Bring extra copies of lyric sheets, chord charts or any other sheet music for the producer and the engineer.  This can be a big time-saver, it gets everyone on the same page, and it will help the engineer know exactly where you mean when you say "the middle of the second chorus".  It will also allow the engineer and producer to make notes on different takes, noting anything that might need attention or a punch-in.

Tip# 4

In general, put new strings on stringed instruments unless you have a special sound that relies on the old crusty strings. Consider having your instrument set up by a pro before you start recording -- nothing is worse than a guitar or bass that won't play in tune because the intonation isn't set properly. If you are using your own drum set, make sure the heads are in good shape and that you can tune your kit well. If you aren't well-versed at tuning drums, consider using the studio kit which is regularly maintained by professionals. If you are using the studio kit, bring all your cymbals, your snare and anything else you think of so we have some options -- using a different snare drum or cymbals on different songs can create some variety. Bring plenty of extra batteries, strings, and cables. A session can be brought to a screeching halt if you have to wait for someone to make an emergency trip to the music store.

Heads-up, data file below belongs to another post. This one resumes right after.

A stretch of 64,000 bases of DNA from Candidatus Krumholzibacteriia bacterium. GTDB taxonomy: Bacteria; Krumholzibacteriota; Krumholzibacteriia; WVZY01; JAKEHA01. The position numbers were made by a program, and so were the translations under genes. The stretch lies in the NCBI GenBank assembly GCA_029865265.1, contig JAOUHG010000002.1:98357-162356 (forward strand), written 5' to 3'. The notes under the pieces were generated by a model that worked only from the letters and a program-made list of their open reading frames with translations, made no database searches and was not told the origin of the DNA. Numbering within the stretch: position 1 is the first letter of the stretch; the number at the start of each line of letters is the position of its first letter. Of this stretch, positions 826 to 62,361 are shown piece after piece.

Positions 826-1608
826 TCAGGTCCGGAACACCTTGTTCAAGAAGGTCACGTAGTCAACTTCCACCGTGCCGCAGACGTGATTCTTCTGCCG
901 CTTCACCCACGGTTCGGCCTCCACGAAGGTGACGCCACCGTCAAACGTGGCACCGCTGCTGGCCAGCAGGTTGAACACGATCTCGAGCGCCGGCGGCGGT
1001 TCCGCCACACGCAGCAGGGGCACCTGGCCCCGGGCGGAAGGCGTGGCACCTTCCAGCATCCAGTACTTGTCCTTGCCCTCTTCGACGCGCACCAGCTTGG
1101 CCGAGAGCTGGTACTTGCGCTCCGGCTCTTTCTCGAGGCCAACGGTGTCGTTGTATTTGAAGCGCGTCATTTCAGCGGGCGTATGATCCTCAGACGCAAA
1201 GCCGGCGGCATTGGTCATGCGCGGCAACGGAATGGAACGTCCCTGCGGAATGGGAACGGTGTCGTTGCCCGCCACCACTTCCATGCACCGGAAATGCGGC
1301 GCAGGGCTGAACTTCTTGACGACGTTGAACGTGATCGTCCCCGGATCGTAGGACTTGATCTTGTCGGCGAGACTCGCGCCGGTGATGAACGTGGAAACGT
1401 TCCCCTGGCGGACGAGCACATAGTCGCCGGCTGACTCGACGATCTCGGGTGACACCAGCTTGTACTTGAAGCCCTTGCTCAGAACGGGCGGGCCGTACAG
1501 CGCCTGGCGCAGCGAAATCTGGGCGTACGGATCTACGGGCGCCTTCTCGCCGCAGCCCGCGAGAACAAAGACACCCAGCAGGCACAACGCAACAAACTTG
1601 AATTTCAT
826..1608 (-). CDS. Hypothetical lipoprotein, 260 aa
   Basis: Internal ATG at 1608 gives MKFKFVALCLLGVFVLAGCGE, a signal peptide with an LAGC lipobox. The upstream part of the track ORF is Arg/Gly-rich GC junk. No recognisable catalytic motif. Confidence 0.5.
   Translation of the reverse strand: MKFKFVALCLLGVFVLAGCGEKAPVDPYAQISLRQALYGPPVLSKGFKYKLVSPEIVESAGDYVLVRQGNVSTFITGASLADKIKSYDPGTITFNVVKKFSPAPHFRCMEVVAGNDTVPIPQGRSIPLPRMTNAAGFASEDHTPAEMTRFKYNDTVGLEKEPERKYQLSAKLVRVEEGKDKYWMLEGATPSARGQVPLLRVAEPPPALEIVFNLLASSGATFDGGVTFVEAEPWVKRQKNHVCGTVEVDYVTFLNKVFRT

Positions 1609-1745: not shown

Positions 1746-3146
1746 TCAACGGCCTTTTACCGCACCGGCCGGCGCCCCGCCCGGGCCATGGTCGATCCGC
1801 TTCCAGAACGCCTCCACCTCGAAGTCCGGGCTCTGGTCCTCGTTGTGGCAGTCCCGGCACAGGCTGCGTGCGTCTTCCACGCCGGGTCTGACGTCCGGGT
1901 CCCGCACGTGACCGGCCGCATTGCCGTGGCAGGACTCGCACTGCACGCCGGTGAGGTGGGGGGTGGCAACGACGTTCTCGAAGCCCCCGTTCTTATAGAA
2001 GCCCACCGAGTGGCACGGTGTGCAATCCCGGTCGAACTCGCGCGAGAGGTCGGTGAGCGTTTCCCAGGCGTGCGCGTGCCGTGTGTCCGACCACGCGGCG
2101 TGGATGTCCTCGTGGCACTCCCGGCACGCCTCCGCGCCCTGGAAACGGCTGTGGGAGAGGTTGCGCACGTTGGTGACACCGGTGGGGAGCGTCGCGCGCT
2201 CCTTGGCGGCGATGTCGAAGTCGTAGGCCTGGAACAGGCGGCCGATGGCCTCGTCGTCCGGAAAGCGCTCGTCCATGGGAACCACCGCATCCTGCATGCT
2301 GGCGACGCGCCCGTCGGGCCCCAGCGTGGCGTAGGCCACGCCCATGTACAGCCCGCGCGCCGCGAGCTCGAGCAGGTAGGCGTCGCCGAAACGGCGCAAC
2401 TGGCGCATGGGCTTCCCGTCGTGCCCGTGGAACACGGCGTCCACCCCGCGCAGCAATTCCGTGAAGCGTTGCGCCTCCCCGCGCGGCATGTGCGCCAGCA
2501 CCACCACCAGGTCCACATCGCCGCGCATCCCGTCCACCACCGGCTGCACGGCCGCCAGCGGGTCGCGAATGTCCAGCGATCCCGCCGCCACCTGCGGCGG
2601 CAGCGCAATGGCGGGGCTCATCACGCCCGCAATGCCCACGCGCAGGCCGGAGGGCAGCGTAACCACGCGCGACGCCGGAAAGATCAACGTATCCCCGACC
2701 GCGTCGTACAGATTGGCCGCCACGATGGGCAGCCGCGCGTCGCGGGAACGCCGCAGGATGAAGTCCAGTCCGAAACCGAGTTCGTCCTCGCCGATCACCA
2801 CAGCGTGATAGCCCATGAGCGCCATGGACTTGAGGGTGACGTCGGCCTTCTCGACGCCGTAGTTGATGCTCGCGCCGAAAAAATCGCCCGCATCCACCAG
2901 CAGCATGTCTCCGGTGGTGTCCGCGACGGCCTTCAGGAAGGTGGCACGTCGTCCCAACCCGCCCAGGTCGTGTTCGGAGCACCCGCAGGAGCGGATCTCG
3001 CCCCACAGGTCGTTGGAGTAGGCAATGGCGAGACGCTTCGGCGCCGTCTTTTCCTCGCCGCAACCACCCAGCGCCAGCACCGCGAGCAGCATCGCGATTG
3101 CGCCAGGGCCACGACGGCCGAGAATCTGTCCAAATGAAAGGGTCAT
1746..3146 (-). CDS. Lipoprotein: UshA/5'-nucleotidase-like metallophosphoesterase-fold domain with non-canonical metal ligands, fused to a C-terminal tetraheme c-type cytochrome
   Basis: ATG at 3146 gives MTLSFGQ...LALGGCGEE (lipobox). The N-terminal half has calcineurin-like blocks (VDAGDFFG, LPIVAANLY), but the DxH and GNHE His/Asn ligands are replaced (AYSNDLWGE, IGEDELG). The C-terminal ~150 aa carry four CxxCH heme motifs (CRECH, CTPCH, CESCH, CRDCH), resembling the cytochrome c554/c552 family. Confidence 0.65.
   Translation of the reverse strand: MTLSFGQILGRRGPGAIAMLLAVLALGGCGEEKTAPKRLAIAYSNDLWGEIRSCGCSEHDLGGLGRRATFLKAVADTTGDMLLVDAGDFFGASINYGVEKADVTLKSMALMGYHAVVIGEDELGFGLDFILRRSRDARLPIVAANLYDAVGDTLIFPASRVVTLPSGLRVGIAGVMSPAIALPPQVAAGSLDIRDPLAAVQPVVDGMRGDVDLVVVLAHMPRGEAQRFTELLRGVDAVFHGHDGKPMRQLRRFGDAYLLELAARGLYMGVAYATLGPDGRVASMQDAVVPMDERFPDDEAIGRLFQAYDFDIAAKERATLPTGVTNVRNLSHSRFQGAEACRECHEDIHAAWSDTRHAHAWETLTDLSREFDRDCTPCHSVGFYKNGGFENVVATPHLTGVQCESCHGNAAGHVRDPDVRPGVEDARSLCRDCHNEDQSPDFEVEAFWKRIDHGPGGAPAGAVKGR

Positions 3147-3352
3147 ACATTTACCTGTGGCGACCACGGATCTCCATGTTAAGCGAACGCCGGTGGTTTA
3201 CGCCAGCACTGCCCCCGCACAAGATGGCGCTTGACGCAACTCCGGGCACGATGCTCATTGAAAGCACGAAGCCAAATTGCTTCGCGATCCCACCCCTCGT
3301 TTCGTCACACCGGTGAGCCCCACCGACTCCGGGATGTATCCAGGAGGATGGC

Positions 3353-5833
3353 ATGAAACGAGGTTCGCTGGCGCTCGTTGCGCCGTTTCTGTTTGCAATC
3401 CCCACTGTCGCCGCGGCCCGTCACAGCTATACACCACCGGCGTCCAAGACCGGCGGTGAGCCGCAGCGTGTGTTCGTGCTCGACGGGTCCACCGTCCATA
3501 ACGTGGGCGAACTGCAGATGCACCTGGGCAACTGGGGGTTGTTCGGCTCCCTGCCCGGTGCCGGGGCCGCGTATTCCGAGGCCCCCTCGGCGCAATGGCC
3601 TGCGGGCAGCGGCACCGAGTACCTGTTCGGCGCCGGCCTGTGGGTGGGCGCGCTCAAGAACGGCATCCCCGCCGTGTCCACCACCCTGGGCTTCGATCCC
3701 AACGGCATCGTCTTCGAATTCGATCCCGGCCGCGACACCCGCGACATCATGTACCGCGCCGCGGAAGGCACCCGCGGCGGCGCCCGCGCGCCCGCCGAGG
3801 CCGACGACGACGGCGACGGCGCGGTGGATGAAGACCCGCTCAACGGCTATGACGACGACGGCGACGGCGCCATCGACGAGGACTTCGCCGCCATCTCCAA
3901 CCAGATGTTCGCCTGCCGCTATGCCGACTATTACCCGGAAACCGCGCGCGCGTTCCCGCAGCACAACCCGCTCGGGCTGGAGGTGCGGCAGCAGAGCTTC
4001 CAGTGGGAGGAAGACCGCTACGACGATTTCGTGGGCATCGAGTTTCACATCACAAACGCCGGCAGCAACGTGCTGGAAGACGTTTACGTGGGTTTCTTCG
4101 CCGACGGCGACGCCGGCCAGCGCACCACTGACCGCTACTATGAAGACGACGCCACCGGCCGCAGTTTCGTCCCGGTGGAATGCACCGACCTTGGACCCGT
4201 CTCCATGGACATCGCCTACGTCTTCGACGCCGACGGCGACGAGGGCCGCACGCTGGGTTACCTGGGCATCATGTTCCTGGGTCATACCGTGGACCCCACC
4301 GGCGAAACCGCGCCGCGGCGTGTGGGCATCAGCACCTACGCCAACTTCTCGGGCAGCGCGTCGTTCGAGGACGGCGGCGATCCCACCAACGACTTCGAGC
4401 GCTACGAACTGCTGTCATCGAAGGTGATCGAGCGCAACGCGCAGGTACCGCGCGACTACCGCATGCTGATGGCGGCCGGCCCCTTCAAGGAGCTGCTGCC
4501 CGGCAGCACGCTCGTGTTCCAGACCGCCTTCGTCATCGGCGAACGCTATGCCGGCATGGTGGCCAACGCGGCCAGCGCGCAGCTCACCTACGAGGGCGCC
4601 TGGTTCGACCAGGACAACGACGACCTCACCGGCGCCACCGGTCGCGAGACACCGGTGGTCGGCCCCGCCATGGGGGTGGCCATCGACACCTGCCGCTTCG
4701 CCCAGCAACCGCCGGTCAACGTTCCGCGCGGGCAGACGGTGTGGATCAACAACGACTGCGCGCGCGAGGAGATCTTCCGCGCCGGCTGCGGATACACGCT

Tip#5

Get a good night's sleep and make sure everyone is in a good mood before the session.  The studio has a very open door policy - bring friends if you feel comfortable playing to an audience. But do realize that maybe someone else in the group might not be comfortable doing (for instance) vocals in front of a group of people, and that should be respected in the interest of getting the best performance recorded.

Tip#6

Avoid the temptation of turning up your volume during a session to hear yourself better.  If you can't hear yourself, let the engineer know and we'll adjust the monitor mix.  However do use your volume knob to fade out at the end of a song. 

Tip# 7

Don't jam or fiddle on your instrument between takes or songs. Do tune stringed instruments between takes, and listen for questions or instructions. Staying relaxed is good, but goofing off just wastes everybody's time.